It is interesting to reflect that in spite of the way that Huxley is now so much a part of many curricula, when his work was first published it was often banned from appearing in schools and also some libraries. In many ways, Brave New World is of course Huxley's...
It is interesting to reflect that in spite of the way that Huxley is now so much a part of many curricula, when his work was first published it was often banned from appearing in schools and also some libraries. In many ways, Brave New World is of course Huxley's seminal work, and it serves to highlight the major themes that Huxley was interested in and sought to explore through his writing. This novel, although highly ironic and humorous in tone, actually disguises a nightmare dystopia where humans have lost all ability to decide their own destiny through luxuries and drug-induced stupour. Genetic engineering has advanced to such an extent that everybody is born into a certain role in their life to fulfill without any opportunity to decide what kind of life they would like to have. In addition, characters are sexually pomiscuous, which is why this novel was banned. Note how Mustapha Mond describes our world today, which of course bears no resemblance whatsoever to this "brave new world":
Mother, monogamy, romance. High spurts the fountain; fierce and foamy the wild jet. The urge has but a single outlet. My love, my baby. No wonder those poor pre-moderns were mad and wicked and miserable. Their world didn’t allow them to take things easily, didn’t allow them to be sane, virtuous, happy. What with mothers and lovers, what with the prohibitions they were not conditioned to obey, what with the temptations and the lonely remorses, what with all the diseases and the endless isolating pain, what with the uncertainties and the poverty—they were forced to feel strongly. And feeling strongly (and strongly, what was more, in solitude, in hopelessly individual isolation), how could they be stable?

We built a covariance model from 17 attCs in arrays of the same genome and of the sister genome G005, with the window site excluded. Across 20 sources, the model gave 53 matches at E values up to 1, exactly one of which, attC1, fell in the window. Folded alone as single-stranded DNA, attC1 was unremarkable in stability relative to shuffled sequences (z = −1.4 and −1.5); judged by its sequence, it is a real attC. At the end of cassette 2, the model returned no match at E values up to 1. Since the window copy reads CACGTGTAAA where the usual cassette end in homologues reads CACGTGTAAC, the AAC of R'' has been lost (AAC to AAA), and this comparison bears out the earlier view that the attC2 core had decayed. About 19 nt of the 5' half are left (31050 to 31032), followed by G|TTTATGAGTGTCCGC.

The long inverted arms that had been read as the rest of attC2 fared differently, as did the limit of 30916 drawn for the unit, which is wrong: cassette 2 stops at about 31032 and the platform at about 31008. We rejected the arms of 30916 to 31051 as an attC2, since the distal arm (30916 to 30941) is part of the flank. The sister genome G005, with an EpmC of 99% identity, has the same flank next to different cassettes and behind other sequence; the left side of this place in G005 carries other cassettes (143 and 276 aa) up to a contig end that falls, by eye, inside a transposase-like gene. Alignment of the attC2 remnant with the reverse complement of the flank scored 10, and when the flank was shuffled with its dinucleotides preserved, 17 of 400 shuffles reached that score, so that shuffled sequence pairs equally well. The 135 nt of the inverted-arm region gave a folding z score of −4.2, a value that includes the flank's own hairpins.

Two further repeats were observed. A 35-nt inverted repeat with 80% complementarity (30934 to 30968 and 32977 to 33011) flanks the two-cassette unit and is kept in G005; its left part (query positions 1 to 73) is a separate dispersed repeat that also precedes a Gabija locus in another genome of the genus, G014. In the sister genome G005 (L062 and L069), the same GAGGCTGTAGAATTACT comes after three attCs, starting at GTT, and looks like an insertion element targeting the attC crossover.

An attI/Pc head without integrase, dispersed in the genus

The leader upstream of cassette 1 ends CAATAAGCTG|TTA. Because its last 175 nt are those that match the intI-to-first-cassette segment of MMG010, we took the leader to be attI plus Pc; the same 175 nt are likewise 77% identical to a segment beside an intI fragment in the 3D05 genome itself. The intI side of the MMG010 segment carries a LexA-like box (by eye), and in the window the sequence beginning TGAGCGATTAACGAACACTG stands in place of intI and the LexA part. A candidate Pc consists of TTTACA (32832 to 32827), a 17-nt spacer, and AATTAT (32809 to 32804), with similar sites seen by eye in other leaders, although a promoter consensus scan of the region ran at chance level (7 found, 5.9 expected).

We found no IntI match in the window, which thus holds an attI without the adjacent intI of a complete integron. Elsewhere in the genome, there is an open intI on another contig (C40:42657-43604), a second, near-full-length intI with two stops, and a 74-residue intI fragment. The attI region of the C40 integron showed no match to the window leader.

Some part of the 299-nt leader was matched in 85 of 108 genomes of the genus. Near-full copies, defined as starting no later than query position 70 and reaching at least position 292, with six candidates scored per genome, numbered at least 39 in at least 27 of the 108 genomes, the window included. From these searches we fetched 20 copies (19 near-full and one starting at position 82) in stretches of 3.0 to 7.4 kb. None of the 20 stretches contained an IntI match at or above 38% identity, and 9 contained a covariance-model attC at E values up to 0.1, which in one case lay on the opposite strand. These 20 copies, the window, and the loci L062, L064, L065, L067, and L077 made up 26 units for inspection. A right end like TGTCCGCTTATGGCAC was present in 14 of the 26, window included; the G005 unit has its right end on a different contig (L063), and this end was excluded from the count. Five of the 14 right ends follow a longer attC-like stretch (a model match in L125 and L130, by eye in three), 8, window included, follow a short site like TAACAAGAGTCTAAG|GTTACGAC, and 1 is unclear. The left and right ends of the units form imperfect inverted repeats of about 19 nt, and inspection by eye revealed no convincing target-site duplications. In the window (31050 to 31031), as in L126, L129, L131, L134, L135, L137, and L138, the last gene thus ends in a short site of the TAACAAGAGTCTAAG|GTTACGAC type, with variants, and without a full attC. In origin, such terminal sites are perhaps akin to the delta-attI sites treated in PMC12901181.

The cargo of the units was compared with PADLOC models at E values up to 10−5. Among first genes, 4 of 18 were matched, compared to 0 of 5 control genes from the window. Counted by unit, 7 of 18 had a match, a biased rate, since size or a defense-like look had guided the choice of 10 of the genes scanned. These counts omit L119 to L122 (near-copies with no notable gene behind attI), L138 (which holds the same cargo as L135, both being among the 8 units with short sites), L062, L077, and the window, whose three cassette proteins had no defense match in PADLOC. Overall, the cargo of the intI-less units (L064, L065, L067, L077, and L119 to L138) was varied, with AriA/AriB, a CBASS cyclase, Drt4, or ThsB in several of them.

It is precisely humanity's ability to "feel strongly" that has been erased in this novel, which makes it so terrifying, as humans have been reduced to mere automatons, and animal-like creatures, ensuring that their urges for drugs and sex are met. Note how Mond reduces our lives to three simple words: "Mother, monogamy, romance." It is of course these three words that John, the so-called "savage," tries to live his life by. Huxley's other works feature such themes in addition to exploring other related concerns. For example, Ape and Essence presents another dystopia, but this time depicting a world where individualism has been taken to extremes. In The Doors of Perception, he promotes the use of drugs, arguing that they allow the user to transcend the limitations of human life and engage with mysticism. His work therefore has contributed greatly to the understanding of dystopia and the human condition, but also to the topic of mysticism and drug use.